My neighborhood in San Bernardino is known as “The City of Executioners.” I joined my gang in 1984 and came to prison for the first time 11 years later. I was taught in prison never to go down during a riot until blood is shed. I feel like I’ve been astray my entire life, lost in my rage, pride and pain.
I expected to be dead by the age of 40. I have been in and out of jail for 28 of the last 36 years. I’m 50 years old now.
My mind has been chaos, like a cheetah who never stops running. Sometimes I feel like a fish trying to breathe out of water. I never acquired coping skills. I believed that I was unchangeable and unlovable. I figured that three decades of repetitive violent behavior couldn’t be quickly erased. It would not be easy to find peace or positive self-awareness.
And yet I took a step in that direction. I learned to calm down and let go of my trained reactions. To not merely talk about positive things, but to do them. I have learned to block the negative influences and obstacles built by my afflictions.
Triggers that used to upset me are now like a gust of wind that comes and goes. With my newfound knowledge and restraint, I can focus on healing and forgiving myself. I have accepted that I have no control over anything beyond my cell door. I have to let go of all expectations and adapt to my environment with hope.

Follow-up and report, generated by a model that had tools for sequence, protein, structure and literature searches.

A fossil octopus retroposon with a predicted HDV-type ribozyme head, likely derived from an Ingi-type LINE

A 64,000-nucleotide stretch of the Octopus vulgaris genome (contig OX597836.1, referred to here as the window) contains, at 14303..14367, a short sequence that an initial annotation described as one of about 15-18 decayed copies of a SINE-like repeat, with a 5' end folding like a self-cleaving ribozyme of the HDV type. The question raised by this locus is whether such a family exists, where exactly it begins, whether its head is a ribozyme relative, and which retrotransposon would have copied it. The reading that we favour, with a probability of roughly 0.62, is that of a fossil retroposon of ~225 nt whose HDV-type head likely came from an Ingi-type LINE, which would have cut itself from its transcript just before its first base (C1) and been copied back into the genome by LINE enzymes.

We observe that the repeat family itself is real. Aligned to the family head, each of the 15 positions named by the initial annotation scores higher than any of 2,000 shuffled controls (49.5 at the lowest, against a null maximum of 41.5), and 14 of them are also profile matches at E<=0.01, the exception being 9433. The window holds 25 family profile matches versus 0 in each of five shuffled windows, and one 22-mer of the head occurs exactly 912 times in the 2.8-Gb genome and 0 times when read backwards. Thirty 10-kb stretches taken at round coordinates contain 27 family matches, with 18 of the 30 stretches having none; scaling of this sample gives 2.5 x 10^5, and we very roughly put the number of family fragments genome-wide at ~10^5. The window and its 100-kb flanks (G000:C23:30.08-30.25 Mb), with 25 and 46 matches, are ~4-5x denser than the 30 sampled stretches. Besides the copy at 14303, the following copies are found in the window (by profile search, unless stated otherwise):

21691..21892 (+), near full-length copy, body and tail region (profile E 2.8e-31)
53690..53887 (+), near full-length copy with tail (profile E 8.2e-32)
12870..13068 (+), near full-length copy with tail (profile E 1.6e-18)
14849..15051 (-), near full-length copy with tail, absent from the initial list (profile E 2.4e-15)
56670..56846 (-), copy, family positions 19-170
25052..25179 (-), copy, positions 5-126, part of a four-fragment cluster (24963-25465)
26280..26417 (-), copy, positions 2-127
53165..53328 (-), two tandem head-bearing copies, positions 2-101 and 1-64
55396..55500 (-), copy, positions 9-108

I am on my way to achieving happiness. I have repaired my relationship with my goddaughter as well as with one of my sons.
After a life of violence, drugs and gang activity, I am now in college and an inmate advocate.
I am serving life without parole. If I can change and do better with no hope of release, to become a better human being, then anyone can.
Disclaimer: The views in this article are those of the author. Prison Journalism Project has verified the writer’s identity and basic facts such as the names of institutions mentioned.